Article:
WTA has announced the immediate and official suspension of all women's tournaments in China and Hong Kong. The decision was made after the situation that arose around the Chinese tennis player Shuai Peng, an athlete who had publicly accused one of the main members of the Chinese parliament, Zhang Gaoli, of abuse.
Since that moment, any social media publication and any situation relating to the topic has been censored in China. Strong condemnations by the WTA and its CEO Steve Simon who, from the beginning, accused China and declared himself ready to declare 'war' on the Chinese government.
Many have applauded this decision by the WTA, a decision that could bring huge economic damage to women's tennis, estimated at as much as 200 million dollars. Shuai Peng has appeared on video since that day and everything seems to be back to normal, but the accusations disappeared and the tennis player's own statements appear as a discordant note, almost as if it had all been orchestrated by China.
After the WTA, now all sportsmen and tennis fans are waiting for the reaction of the ATP too, with many asking for the same reaction from the male body as well. The women's Tour is now on the covers of media all over the world and the choice of the WTA is receiving a lot of praise.
Waiting for a decision by the ATP, even the number one in the world Novak Djokovic seems to have taken a clear position and made important statements: "The PTPA is always on the side of the tennis players and fully supports the WTA as at the moment we do not have enough information about Peng Shuai and his current well-being.
I see nothing wrong with the request from the WTA to ask for more clarity on what is happening. I think it is important to support everyone, whether these are men or women and regardless of their organization. It is really sad that we are not given any further information on the subject and as a tennis community we must all be on the same side and be all together."
"With the full support of the WTA Board of Directors, I am announcing the immediate suspension of all WTA tournaments in China, including Hong Kong." — wta (@WTA) December 1, 2021
Wilander: "There are too many opponents for Roger Federer"
Interviewed by Eurosport, seven-time Slam champion Mats Wilander expressed doubts about Roger Federer's chances of coming back to competition.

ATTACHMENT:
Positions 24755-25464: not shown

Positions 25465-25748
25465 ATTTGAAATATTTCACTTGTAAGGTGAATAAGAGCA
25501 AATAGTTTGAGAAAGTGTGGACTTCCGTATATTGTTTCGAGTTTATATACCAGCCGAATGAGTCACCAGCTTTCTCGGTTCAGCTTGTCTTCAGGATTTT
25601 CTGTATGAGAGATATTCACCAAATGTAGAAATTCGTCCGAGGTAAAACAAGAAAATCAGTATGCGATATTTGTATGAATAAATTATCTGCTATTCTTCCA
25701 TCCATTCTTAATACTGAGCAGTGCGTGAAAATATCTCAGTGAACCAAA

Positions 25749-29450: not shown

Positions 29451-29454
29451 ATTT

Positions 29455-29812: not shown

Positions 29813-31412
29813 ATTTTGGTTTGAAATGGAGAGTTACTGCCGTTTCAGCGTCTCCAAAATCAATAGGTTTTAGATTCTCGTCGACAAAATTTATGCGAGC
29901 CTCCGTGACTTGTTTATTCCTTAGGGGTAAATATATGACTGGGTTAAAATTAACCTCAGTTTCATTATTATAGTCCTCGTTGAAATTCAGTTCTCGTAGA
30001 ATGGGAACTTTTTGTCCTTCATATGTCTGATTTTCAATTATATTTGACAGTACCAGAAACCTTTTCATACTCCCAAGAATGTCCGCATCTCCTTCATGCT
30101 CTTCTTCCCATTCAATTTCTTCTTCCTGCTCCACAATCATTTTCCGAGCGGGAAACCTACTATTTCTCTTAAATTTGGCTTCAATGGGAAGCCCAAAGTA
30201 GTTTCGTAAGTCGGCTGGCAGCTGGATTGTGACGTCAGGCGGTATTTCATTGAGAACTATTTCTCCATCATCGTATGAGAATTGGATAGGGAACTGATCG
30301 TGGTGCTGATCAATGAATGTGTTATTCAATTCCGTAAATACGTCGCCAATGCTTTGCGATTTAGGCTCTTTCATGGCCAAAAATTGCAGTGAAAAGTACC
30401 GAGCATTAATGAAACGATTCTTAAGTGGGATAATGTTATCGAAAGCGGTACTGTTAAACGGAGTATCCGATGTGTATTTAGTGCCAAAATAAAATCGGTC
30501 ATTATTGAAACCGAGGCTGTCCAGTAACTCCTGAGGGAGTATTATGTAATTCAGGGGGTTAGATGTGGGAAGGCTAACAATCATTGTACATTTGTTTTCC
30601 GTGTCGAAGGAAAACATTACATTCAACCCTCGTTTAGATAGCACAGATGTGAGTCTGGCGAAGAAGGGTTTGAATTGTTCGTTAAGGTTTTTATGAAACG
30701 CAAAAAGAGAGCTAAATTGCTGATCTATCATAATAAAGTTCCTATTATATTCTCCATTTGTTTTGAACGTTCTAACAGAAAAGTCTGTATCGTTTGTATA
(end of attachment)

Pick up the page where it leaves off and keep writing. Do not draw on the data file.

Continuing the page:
Wilander said: "I think Roger Federer will return to play on the ATP Tour. He himself confirmed this several times, so it would be a surprise if he didn't. Roger has always listened to his body perfectly, but now everything is more complicated."
"The situation has changed a lot compared to Federer's last full season, that is 2019. Alexander Zverev and Daniil Medvedev have made a further qualitative leap, especially in this second half of 2021. The Swiss has his weapons and experience of him, but I doubt that at 40-41 he will prevail over Zverev or Medvedev.
I don't think Roger will play many games unless he realizes he can still make it to the bottom of the Grand Slams. I think he is curious to find out what he is capable of at 41 years old. Not even Federer knows exactly how things will go, but he loves to get involved."
2021 didn't bring Roger Federer much joy. The former world number 1 has struggled more than expected to recover an acceptable condition, ending up playing just 13 matches since March at Wimbledon. The Swiss phenomenon, who had undergone two knee surgeries in 2020, has collected nine wins and four defeats, a balance that speaks volumes about his current difficulties.
After a clear defeat in the quarter-finals in London, the King announced that he had suffered a knee relapse and had to operate for the third time in the last 18 months. The 20-time Grand Slam champion removed his crutches a few weeks ago and will be able to start racing again at the beginning of 2022.
To get the racket back in his hand, he will have to wait for spring instead. The 40-year-old from Basel admitted that it will be difficult to see him again on the tour before the summer of 2022, even questioning his presence at Wimbledon.